Most parents are keen for their children to get a COVID-19 jab, but language and education are major barriers to people rolling up their sleeves.
Australian National University research shows vaccination rates are lower for people who don't speak English, live outside of NSW and have a relatively low household income or level of education.
Vaccine hesitancy, mainly driven by concerns about side effects, has also decreased as the country grapples with a third wave of the virus.
However the Prime Minister has described extra freedoms for fully vaccinated Australians as "common sense".
But as some states and territories prepare their own domestic passports, allowing access to public venues, and no guarantee of a national system, it's looking likely Australian will need two.
Meanwhile, restrictions designed to preserve the health of Australians saw millions of them feed unhealthy habits and turn to their vices to cope, new research from the national health data agency suggests.
For instance, during the country's initial lockdown between April and June in 2020, one in five people who drink alcohol noticed they were reaching for the bottle more, while a similar proportion of smokers and illicit drug users also upped their consumption. Here's what else it said.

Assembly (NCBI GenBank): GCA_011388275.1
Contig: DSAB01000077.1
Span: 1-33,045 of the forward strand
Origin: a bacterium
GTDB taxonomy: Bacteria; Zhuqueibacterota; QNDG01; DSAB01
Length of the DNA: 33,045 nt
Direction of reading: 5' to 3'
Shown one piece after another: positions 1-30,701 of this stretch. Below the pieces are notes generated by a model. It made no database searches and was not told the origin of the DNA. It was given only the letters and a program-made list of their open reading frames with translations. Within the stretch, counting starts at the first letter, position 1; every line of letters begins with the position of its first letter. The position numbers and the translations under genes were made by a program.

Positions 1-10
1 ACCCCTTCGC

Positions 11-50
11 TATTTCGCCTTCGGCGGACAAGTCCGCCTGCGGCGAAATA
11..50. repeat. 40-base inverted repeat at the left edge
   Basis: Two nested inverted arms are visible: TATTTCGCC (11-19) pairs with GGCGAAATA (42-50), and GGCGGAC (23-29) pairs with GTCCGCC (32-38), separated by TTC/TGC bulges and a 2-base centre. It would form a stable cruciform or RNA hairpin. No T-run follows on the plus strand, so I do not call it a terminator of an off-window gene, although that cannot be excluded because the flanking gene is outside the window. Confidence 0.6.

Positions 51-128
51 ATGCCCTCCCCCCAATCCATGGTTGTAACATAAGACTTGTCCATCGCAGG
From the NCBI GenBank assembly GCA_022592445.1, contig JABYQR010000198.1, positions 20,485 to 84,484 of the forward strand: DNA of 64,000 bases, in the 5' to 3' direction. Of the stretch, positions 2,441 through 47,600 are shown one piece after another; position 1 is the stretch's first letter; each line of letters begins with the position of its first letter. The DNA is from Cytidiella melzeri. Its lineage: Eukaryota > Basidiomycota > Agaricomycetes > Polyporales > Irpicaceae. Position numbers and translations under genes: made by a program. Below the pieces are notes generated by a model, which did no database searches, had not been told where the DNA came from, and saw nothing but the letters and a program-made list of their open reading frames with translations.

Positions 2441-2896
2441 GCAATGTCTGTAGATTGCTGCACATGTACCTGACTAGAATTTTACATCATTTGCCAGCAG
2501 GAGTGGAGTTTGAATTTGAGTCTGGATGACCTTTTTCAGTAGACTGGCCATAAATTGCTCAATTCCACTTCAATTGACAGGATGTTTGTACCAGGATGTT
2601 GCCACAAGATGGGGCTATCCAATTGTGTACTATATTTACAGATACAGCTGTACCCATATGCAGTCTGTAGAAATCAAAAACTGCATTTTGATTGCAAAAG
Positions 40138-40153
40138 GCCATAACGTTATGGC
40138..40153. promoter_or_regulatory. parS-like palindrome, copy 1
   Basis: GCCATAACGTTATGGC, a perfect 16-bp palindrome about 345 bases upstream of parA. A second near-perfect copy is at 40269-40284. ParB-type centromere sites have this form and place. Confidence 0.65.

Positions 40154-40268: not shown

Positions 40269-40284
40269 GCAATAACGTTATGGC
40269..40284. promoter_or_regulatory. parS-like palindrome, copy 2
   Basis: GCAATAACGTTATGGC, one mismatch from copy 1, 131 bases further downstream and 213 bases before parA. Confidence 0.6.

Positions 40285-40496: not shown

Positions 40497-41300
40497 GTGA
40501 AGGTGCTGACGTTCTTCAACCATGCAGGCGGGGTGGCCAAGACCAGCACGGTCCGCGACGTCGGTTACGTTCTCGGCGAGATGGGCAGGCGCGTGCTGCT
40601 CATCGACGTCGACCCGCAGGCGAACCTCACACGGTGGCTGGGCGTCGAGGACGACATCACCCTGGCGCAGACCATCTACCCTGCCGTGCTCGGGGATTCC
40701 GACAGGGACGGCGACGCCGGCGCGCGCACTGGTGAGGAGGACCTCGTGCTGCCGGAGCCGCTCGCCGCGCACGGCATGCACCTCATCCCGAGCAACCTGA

In the US, President Joe Biden has announced sweeping new vaccine requirements affecting as many as 100 million Americans.
The move aims to increase COVID-19 vaccinations and curb the surging Delta variant that is killing thousands each week and jeopardising the US's economic recovery.
The rules mandate that all employers with more than 100 workers require them to be vaccinated or test for the virus weekly, affecting about 80 million Americans.
'They thought I was dead': how a coffee stop saved my life
He was going to have breakfast at the top of the North Tower but was saved by a Cuban coffee shop.
"Because American diner coffee is so bad - like the drips from a wrung-out dish-cloth - a Hispanic coffee shop was not to be passed. Coffee and pastries - empanadas - delayed me just enough to save my life."
On a completely different note
Australians are obsessed with cleaning, attacking bite-sized chores while working from home and watching more TV as a way to share time with others, according to new research.
Of those Australian surveyed, one quarter have changed their cleaning routine in the past year as they adapt to more time living and working at home. Almost one-third now consider themselves obsessed with cleaning (29 per cent), while 34 per cent do a deep clean at least weekly and 64 per cent clean their home daily.
- with Australian Associated Press